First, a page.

James VI, October 1594

Pages 455-471

Calendar of State Papers, Scotland: Volume 11, 1593-1595. Originally published by Edinburgh, 1936.

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James VI, October 1594

377. Sir Richard Cockburn to Burghley. [Oct. 3.]

Having a request made to me by my hostess, in a case wherewith I am so little acquainted that I must remit particulars to the bearer, may I entreat you for such favour as I understand a letter from you may work, that the gentlewoman may know my request to have proven effectual; "being eased thairby of some paine and undir physick." London. Signed: R. Cokburne.

¼ p. Addressed. Endorsed by Burghley's clerk.

378. Robert Bowes to Burghley. [Oct. 7.]

Sundry times I have written that I could not advertise your lordship of any good certainty of Donald Gorme's passage to Ireland. Besides, by your letters to me I have understood that you had been informed that he had entered into Ireland with 3000 men; therefore that I might better learn what had proceeded in this behalf I employed an especial person about the Earl of Argyll (who is privy to the Earl's secrets and has been lately with him). This person has returned answer to me in writing, a copy whereof I enclose.

On Friday last, the 4th instant, the King entered on his raid and passed that night to Stirling. The next day, for some enterprise which he had in Fife, he turned his intended journey to St. Johnstone to Falkland, where he lodged that night, and, receiving there advertisement that Huntly and Argyll had met and fought, he only "stayed the sermon" on Sunday in Falkland, and yesternight rode to Dundee with purpose to make haste into the north to join with Argyll and Forbes for the punishment of Huntly, Errol and their associates, who have already received such loss of their principal men that by all likelihood the King shall be troubled by the disposing of their living rather than with any dealings they can do against him. The truth and manner of this battle is not yet certainly known here. I enclose copies of the likeliest of such advertisements as I have received touching the same, for better understanding whereof I have sent one of my servants after the King to my friends in the Court and in that country.

The Earl of Morton, appointed to be lieutenant here, would neither accept that office nor be president of the Council left here in the King's absence, because his request that his friends and servants might be dispensed with for the King's raid into the north was rejected.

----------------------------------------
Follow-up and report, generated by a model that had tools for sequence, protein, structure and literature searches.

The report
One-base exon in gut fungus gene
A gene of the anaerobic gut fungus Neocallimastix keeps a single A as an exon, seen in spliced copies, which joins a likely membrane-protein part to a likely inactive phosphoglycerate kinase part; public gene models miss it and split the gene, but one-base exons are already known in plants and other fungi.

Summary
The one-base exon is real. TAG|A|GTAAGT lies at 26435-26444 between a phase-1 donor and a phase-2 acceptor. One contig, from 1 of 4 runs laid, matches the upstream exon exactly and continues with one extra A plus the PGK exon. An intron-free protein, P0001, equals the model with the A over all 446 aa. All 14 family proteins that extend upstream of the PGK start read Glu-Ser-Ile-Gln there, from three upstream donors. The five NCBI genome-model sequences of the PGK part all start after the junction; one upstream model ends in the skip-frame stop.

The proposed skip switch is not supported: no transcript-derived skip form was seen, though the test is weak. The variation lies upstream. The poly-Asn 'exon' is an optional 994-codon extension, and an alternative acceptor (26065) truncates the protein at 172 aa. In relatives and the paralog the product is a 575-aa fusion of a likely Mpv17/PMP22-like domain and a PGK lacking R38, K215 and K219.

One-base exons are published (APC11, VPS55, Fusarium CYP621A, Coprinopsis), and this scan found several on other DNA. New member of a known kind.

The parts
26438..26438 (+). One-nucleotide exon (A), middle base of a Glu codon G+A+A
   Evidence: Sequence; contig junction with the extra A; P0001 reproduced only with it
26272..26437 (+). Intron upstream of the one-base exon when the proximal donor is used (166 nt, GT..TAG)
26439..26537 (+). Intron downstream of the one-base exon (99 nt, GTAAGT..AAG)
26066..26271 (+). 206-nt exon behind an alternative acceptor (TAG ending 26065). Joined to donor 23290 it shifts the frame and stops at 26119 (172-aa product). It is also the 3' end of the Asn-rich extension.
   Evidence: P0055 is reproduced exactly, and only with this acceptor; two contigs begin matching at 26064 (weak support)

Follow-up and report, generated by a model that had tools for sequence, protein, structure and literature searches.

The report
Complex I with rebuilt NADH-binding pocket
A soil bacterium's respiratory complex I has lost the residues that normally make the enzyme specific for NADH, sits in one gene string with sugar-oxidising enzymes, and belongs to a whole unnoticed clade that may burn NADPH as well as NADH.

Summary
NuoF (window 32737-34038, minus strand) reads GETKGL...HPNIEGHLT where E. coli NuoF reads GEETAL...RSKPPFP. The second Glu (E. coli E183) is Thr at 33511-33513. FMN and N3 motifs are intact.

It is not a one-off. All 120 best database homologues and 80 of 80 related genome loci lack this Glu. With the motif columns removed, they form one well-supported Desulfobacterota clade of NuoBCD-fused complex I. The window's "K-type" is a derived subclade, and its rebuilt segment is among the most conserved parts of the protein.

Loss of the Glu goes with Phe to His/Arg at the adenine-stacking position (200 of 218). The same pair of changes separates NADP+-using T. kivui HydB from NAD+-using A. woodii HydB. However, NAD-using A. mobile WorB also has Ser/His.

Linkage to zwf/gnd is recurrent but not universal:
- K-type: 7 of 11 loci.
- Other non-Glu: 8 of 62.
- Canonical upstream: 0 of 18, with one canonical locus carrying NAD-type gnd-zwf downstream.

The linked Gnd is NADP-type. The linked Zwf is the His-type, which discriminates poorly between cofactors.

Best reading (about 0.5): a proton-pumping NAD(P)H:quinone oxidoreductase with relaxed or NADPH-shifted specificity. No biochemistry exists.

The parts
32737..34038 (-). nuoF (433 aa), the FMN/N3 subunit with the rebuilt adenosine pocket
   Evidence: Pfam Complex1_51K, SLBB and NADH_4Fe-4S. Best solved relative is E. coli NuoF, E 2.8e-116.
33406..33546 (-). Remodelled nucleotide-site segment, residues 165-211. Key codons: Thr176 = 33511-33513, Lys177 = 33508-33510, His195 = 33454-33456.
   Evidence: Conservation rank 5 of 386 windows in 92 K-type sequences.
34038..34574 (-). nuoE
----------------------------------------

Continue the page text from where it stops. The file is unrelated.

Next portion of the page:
This night, at the writing hereof, I was informed that the ministers of this town were certified that Angus, Bothwell, Herries and others had a purpose to surprise this town and the ministers, whereto such regard will be taken that there will be no peril or fear of any such matter, neither can they so quietly gather any great forces for such a purpose but that Lord Hume and Cessford and Buccleuch will have understanding of it and with their forces hinder them from doing any such thing. Of all other occurrents here I trust to be the reporter at my coming to Court. Edinburgh. Signed: Robert Bowes.

pp. Addressed. Endorsed by Cecil's clerk.

First enclosure with the same.

(Battle between Argyll and Huntly.)

On Thursday the 3rd of October, 1594, John Torrie, servant boy to James Carr, who is Huntly's domestic, being in company with his master, saw Argyll and Huntly's "yokinge," Argyll "beinge" 8000 men, without any horsemen, and Huntly "beinge" 4000 men, whereof 2000 were horsemen. The first yoking was six miles above Auchindoun, beside the hill Ben Rinnes (Berychtnes), betwixt 10 and 11 o'clock in the morning, Errol and Auchindoun in the vanguard, and Huntly with the rest in the body of the battle. At the first yoking they fought till 2 in the afternoon. Errol and Auchindoun, who were in the vanguard, "dong backe to the battle." (fn. 1) Thereafter the Earl of Huntly with his whole forces came back again, and they yoke about 3 in the afternoon and fight till the evening. In this second yoking Auchindoun, the Goodman of Cochlarachy (Coclarochie), Thomas Gordon of Drumlurg, and Walter Barclay [were] slain; the Earl of Errol, the Laird of Gight, the "haill" horsemen who were with Auchindoun all "deidlye hurte"; who came back that night, which was Thursday last, to Auchindoun. The Earl of Argyll's company at last, at the second yoking, fled to Stradorone, seven or eight miles from the place where the battle was "striken." There are 500 men slain of Argyll, himself being about two miles from his company the time of the "strykinge" of the battle. This bearer came away on Friday morning. Huntly was to yoke again on Friday, and to make an onset. Alan MacKendowy (Mackendowye) came to Badenoch (Baginoch) with Argyll, but stole away from him "with six and himselfe and paste to Huntley, wher his company mett him." Lord Forbes "on Frydaye was bruited to have convened to Monimusk, and was to be at Argyle on Frydaye." Balquhan (Boughan) is neither with Errol, Argyll nor Huntly.